Break Open This Container

The commodification of Indigenous culture is a global phenomenon. Souvenir shops throughout southeast Alaska sell imitations of Northwest Coast Native masks made in Indonesia. Nicholas Galanin (Tlingit/Unangax̂), based near Juneau, offers such kitsch a path to salvation through the blade of his adze....Read more

Moving Targets

Collaboration and community have been central to L.A. painter Laura Owens’s practice since the 1990s, though she now stands in the center of debates about the role of artists in gentrifying cities.…Read more

Cinematic Borderlands

Besides the relation of objects to people, another theme in Nashashibi’s work is the way humans organize themselves into communities and institutions, whether a patriarchal extended family or a police force, and how they navigate within these structures. She homes in on social groupings that are often single-sex and isolated by function or circumstance. …Read more

Socially Awkward

July’s work highlighted the acute tension between competing economic ideologies—extreme self-indulgence versus social enterprise—in stark proximity. …Read more

From the Archives: Woodman’s Decorative Impulse

Betty Woodman's conceptually rigorous, formally audacious ceramic sculptures and installations of the past two decades make any lingering art-world condescension toward pottery seem absurd. …Read more

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The Magazine ANTIQUES, our sister publication, invites you to join renowned interior decorator Thomas Jayne and Roc Nation recording artist Young Paris in conversation at the Winter Antiques Show on January 26th as they explore the theme “Tradition is Now: How the Art and Objects of the Past Shape the World Today.” These two distinctive creative talents will discuss the sometimes surprising ways that antiques and cultural artifacts have influenced their lives and careers. Join us on January 26th at the Winter Antiques Show to explore the many ways that Tradition is Now.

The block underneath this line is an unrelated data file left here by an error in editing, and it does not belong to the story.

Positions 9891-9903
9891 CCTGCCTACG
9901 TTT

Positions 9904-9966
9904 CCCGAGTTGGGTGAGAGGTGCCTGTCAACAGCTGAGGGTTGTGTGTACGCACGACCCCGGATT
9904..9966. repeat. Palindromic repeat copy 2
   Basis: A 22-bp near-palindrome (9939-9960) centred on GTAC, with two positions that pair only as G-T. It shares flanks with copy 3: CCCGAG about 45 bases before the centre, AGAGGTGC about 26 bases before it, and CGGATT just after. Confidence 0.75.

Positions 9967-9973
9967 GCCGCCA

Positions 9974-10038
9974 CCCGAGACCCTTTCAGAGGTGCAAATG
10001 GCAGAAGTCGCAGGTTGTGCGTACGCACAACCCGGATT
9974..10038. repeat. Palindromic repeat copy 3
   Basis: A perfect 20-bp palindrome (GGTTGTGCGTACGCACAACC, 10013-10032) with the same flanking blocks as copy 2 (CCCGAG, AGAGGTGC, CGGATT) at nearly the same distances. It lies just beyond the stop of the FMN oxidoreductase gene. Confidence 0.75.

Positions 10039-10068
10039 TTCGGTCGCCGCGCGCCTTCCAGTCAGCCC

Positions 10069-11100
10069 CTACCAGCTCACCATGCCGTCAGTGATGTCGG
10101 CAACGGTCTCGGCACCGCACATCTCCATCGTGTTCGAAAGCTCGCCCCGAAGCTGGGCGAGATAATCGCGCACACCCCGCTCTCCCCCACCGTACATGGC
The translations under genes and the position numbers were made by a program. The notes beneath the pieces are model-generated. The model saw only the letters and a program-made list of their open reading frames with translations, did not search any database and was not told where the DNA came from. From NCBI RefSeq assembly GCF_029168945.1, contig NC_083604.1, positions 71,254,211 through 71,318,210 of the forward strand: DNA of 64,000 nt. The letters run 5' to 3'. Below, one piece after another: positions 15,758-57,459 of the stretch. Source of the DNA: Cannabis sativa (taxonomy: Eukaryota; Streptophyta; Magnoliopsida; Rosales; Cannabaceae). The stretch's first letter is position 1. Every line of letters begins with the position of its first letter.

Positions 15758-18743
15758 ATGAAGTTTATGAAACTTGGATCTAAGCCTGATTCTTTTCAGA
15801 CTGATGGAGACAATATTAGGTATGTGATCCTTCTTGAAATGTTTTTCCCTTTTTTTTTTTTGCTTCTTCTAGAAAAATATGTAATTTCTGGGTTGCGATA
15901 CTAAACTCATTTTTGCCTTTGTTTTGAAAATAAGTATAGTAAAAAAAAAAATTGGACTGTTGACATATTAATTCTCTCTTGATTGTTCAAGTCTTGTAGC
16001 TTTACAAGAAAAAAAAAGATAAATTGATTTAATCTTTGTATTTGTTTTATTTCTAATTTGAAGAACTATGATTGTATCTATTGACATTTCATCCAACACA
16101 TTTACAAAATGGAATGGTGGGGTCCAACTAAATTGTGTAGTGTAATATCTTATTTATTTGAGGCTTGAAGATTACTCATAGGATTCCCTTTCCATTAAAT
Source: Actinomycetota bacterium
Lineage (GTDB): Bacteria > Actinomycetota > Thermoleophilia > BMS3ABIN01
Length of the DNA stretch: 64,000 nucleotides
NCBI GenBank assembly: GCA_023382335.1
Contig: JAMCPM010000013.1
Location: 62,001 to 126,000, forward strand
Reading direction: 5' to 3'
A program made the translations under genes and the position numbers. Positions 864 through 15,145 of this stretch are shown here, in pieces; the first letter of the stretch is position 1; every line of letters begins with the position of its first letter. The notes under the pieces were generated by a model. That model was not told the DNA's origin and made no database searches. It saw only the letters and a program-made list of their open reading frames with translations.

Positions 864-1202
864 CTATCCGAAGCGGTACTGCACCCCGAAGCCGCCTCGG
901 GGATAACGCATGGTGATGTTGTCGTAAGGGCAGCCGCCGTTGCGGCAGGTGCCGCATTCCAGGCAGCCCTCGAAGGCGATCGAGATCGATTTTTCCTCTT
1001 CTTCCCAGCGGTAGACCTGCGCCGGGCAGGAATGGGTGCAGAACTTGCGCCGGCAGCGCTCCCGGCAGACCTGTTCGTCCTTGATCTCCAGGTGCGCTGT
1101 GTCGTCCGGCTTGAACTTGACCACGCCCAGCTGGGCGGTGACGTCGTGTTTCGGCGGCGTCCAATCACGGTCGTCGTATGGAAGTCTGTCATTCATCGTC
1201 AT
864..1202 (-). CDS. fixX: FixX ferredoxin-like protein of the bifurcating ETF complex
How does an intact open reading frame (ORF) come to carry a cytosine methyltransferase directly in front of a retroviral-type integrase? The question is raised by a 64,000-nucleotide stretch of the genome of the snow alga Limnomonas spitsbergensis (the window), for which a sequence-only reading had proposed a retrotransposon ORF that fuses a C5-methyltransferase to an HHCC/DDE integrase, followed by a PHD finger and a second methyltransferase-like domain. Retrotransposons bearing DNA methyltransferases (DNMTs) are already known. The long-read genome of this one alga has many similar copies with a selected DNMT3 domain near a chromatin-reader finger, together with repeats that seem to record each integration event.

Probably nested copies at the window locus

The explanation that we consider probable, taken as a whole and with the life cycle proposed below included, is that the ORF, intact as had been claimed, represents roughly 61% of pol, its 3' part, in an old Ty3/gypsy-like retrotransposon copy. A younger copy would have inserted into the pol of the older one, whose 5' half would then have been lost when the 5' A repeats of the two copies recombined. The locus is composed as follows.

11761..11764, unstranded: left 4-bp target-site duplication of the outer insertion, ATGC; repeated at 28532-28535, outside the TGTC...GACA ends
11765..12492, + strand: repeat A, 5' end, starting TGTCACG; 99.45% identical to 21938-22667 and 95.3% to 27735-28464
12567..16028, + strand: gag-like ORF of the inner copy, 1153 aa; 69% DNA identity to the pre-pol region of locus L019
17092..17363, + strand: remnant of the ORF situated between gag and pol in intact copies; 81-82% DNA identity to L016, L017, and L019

Defined by civil rights struggles that came to a head with Martin Luther King Jr.’s assassination and the ensuing riots across the United States, 1968 was a pivotal if violent turning point for race relations in the country. That year, five African American artists in Chicago formed a collective that aimed to celebrate black culture and define its aesthetics and that came to be known as AfriCOBRA (African Commune of Bad Relevant Artists). As found

ing member Gerald Williams said in a 2011 interview for the oral history project Never the Same, the group, which is still active today, set out to investigate whether there was or should be such a thing as a culturally specific black art.Kavi Gupta’s recent mini survey of Williams’s work comprised a dozen acrylic paintings dating from 1969 to 2017. It was the first solo show in more than twenty years for the artist, who, in 2015, after living in various places around the world (largely while serving as an arts administrator for the Air Force), returned to West Woodlawn, the South Side neighborhood where he grew up....